Santa Rita Travel Blog› entry 1 of 2 › view all entries
February 13th, 2009 – by: geokid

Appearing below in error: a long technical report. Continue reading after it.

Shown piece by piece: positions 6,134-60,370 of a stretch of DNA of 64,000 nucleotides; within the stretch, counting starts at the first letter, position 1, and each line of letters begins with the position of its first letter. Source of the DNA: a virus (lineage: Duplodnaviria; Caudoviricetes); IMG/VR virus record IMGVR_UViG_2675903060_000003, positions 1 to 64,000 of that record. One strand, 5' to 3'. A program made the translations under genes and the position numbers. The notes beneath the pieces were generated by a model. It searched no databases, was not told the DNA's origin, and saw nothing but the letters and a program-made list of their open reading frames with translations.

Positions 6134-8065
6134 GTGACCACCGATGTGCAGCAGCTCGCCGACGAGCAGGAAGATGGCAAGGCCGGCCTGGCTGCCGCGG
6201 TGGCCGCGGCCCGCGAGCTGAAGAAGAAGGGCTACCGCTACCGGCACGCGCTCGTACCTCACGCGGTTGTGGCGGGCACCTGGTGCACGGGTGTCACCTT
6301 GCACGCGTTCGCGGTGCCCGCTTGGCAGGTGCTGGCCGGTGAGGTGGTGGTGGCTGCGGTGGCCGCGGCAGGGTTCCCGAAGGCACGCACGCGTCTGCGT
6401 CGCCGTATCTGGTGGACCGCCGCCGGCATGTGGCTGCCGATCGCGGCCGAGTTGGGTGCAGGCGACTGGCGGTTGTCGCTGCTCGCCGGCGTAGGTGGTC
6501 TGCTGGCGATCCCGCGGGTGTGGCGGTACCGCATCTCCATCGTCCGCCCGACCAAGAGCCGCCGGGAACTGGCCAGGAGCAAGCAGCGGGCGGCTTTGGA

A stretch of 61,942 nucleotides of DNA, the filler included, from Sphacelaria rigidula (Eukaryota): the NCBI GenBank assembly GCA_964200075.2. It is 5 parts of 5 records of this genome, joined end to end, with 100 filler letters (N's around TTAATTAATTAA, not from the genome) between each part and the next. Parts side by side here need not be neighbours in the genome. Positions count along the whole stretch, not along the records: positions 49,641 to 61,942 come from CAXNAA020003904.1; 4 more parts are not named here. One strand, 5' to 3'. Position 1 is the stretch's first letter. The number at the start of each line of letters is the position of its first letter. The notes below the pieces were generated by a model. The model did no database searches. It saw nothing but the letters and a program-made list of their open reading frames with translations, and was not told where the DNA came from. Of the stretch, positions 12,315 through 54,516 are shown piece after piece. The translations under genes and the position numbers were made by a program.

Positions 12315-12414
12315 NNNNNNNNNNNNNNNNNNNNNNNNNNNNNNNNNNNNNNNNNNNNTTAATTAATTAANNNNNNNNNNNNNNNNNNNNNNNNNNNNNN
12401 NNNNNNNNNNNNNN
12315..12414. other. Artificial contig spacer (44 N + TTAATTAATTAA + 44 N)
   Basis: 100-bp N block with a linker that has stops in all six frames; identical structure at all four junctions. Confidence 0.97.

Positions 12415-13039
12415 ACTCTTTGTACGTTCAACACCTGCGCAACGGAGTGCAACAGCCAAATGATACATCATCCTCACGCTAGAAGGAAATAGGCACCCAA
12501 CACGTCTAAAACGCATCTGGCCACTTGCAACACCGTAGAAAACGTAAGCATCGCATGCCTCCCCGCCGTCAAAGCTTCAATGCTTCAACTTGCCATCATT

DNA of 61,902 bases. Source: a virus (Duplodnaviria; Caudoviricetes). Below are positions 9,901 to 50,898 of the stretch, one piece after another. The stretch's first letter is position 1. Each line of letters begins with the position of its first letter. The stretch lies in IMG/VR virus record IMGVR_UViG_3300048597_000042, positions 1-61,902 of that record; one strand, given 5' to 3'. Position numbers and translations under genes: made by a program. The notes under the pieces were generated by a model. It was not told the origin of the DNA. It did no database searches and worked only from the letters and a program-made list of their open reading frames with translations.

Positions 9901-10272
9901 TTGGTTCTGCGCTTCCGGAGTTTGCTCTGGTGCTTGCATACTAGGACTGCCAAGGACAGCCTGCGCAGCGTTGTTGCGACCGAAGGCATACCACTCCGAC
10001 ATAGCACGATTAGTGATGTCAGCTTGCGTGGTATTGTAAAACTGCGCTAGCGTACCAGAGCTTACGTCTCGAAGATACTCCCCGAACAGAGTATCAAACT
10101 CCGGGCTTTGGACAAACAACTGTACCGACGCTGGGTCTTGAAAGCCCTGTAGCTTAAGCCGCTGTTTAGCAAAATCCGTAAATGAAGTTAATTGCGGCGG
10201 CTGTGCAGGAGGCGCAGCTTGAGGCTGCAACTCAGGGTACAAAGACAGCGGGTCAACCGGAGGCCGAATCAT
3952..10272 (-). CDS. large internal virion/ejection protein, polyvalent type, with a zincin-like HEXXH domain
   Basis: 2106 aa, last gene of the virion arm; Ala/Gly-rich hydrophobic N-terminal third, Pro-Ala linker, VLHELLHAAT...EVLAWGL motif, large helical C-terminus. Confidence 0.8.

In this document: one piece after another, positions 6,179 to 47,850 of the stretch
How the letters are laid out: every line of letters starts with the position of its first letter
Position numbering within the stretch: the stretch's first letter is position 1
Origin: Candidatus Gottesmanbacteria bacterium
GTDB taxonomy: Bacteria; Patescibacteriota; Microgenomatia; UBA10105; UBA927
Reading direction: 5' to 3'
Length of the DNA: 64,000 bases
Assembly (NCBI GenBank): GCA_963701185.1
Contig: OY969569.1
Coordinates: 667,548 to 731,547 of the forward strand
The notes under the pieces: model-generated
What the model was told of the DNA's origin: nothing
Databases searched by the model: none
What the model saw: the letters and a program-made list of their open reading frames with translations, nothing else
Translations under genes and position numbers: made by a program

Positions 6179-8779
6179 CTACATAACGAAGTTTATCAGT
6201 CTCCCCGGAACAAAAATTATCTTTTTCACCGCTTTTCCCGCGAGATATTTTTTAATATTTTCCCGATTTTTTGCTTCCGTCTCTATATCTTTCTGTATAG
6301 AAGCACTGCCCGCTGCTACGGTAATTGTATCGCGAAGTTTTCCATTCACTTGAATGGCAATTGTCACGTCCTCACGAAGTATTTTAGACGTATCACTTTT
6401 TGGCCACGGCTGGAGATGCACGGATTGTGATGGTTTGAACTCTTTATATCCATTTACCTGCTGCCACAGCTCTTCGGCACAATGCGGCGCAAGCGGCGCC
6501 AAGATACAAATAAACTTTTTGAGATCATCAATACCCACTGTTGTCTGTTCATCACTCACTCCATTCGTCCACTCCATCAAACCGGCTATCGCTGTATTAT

Santa Rita is a Maya ruin located beneath the City of Corozol west of the mouth of the Rio Nuevo. Santa Rita was an important Classic Period trade center. The location of Santa Rita permitted easy control over coastal and inland trade routes on the Rio Nuevo and Rio Hondo during the early Classic period. These rivers were major routes to Lamanai and the entire Peten region. Archaeological evidence documents trade routes far inland. Urban growth of the modern town of Corozol has cause significant information lose from the Santa Rita site. Ruins make very good and convenient road fill and the stones are excellent building materials for modern house foundations. Because of the growth of Corozol the exact boundaries of Santa Rita are not known. Occupation began prior to 2000 BC and continued after the arrival of the Spanish. The visible structure is from the Classic period. This building is a complex series of rooms and passages. The central room appeared to be a ceremonial chamber. Two burial chambers were uncovered here, one containing elaborate jewelry and pottery. The second burial chamber contained a ceremonial flint and a stingray spine used in bloodletting rituals. The Post Classic Period at Santa Rita is revealed through artifacts rather than structures. Because very little remains of the structures of this time period. The artifacts found at Santa Rita from the Post Classic Period reveal that exotic rituals such as blood-letting, which was very important during the Classic Period, continued to Post Classic times. The presence of exotic goods in a Post Classic burial, such as turquoise and gold ear-flakes of Aztec origin, demonstrate the importance of Santa Rita several hundred years after the decline of the larger ceremonial centers of the interior. After a short decline during the Late Classic Period, Santa Rita once again rose to prominence. With the decline of Classic sites to the north, Santa Rita became one of the 19 Mayan political entities recorded by the Spanish. At that time it was called "Chactemal".
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